My friend Michelle Porter recently asked me about my influences, who were the people I knew and/or read who had an impact on my development as a writer. I mentioned Anais Nin and James Baldwin, people I met only in book form, and Phil Hall, John Ditsky and Peter Stevens, as poets who had tutelage of me in my early days.
After I left university, my brief stint at school, I went through a protracted period of reading only BIPOC writers, seeking balance: Sally Morgan, Michelle Cliff, Alice Walker, Toni Morrison, Beth Brant, Audre Lorde, Lee Maracle, Maria Campbell, and Walter Moseley were some of the people whose books spilled across my bed, and permeated my bodymind.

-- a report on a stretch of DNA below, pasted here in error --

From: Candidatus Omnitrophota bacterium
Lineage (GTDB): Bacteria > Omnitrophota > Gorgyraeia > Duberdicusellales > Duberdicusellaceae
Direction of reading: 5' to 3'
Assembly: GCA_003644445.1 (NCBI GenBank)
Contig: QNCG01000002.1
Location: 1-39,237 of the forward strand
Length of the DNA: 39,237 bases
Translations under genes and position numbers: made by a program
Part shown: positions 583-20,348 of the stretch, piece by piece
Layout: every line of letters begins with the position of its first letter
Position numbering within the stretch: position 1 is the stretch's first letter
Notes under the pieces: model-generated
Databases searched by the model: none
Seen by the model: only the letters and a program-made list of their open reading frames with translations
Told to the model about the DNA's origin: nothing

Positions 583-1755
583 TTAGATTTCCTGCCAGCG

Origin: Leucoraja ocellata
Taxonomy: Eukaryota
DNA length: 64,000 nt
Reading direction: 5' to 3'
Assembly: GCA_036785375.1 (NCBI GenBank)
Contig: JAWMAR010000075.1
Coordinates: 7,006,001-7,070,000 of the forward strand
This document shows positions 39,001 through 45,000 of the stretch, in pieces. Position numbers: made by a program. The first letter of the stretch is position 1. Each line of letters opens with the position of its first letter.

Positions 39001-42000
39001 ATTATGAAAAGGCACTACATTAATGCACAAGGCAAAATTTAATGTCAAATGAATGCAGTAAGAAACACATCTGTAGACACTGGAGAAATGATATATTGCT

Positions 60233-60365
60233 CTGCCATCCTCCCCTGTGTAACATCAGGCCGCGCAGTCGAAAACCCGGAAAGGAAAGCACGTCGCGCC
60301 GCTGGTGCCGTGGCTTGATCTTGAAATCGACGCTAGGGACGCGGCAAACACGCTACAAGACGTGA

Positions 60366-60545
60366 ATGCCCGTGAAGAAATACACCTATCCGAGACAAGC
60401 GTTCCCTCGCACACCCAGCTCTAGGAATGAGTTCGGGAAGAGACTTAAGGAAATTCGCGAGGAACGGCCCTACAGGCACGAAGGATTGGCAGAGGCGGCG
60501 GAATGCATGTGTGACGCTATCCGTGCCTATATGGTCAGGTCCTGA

I have so much respect and love for all of these writers.
Beyond the Americas, the writings of Yasunari Kawabata (Japan) and Zhang Xianliang (China) have had profound impacts on me.
Yes, it took me a minute to work out that choosing to be an English Literature major meant that "colonial writers" such as myself would never be a part of the discussion. I trust that students in today's universities and colleges will have a much greater breadth of input, including colonial, post-colonial, and even neo-colonial writers (dread bastards) to base their understandings of life upon in the coming days.